Feb 19 2017
Swedish Parliament considers ban on sale of bulletproof vests in an effort to crack down on Swedish citizens trying to protect themselves.
Speisa (h/t Linda R) Allan Widman, chairman of the Swedish parliamentary defense committee, demands that individuals are prohibited from wearing bulletproof vests to protect themselves from the increasing violence, which he believes will increase further without a ban, reports Sydsvenskan.
Widman has written a bill to the parliament in which he demands that it should be illegal and punishable for individuals to wear body armor – which is classified as military equipment – in the public place.
The reason for this is that many young criminals wear bulletproof vests, and Widman believes that that the protective vests contribute to escalate the level of violence in the Swedish society – and that a ban could lower it. I believe that the sense of personal security that wearing armor gives, helps to lower the threshold for the use of serious violence, he says.
Just a few weeks ago, a bulletproof vest probably saved the life of a 18-year-old in Malmö, and more people, not just criminals, buy and wear bulletproof vests in the increasingly tougher Swedish society, where bullets some times fly right beside hand grenades. But now the Swedes better take cover and hope that they have very robust skin.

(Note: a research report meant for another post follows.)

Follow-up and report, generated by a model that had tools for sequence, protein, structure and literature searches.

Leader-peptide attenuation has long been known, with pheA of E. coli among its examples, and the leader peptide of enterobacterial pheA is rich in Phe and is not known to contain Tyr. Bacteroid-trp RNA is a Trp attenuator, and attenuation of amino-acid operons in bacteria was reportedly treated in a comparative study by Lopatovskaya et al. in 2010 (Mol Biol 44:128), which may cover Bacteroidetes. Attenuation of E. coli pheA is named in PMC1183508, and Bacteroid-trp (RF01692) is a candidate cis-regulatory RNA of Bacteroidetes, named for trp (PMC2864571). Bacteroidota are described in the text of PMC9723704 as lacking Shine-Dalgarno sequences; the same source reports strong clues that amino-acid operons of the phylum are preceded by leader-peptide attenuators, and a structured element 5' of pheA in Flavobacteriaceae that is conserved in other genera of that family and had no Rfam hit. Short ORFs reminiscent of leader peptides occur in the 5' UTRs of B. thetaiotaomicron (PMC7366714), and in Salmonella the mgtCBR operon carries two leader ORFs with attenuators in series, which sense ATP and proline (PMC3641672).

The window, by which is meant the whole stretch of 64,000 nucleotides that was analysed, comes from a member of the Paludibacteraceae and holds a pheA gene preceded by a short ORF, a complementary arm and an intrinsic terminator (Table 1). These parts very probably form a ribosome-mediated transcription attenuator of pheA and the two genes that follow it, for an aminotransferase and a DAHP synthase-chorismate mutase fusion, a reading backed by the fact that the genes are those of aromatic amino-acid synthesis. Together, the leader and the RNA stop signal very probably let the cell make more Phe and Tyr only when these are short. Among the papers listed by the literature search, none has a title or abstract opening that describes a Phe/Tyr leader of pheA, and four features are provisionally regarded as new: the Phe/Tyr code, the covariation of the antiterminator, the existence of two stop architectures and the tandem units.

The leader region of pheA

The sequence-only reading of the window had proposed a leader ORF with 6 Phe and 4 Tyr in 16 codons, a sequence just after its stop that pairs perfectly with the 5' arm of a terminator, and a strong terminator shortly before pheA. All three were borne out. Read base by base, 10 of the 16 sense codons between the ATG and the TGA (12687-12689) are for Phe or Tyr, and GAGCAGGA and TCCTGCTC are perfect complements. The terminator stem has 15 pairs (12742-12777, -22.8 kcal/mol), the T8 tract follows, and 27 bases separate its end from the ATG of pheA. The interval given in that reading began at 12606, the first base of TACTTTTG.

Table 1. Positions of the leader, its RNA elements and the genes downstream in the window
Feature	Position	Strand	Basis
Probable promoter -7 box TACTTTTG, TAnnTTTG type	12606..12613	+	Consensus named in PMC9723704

What’s more, the Swedish ambulance union is demanding military grade protection gear to enter the 55 Muslim no-go zones, since the attacks are growing too frequent and too severe.
The list of incidents ranges from slashed tires and smashed windshields to physical violence with machetes and firearms. Blinding drivers with green lasers in an attempt to make them crash is another popular pastime in the no-go zones; this growing sport also frequently afflicts bus drivers, taxis, mailmen, fire trucks and delivery services.
“We need the paramedics to be prepared when entering these hot zones,” said union leader Henrik Johansson. “They need riot helmets, bulletproof vests, shin guards and holsterpacks. That’s the equipment needed to work in this environment. Of course, they also [need to be] equipped with gas masks.”
“So they’ll look like riot police?” The reporter asked. “No, I’d say military grade gear is called for.”
Rosengard, which has received media attention as the “most notorious refugee ghetto” of Sweden, has an over 80 percent migrant population, predominantly of Middle Eastern and African Muslim origin. It has repeatedly been a scene of gang and multi-ethnic violence and is prone to social unrest, with less than 40 percent of its residents having a job.
“Malmö police are currently investigating 11 murders and 80 attempted murders. Add to that other crimes of violence, beatings, rapes, thefts and frauds,” Senteus said, admitting his department is “extremely strained” by a lack of staff. It is not the first time that Malmö, the third largest city in Sweden and home to a large Muslim migrant population, has raised the alarm about the increasing wave of violence. In July last year, a spate of shootings, blasts and arsons that followed the sentencing of three men for complicity in the Christmas Eve bombing in Rosengard prompted the local police force to appeal to their colleagues at a national level for “shared expertise.”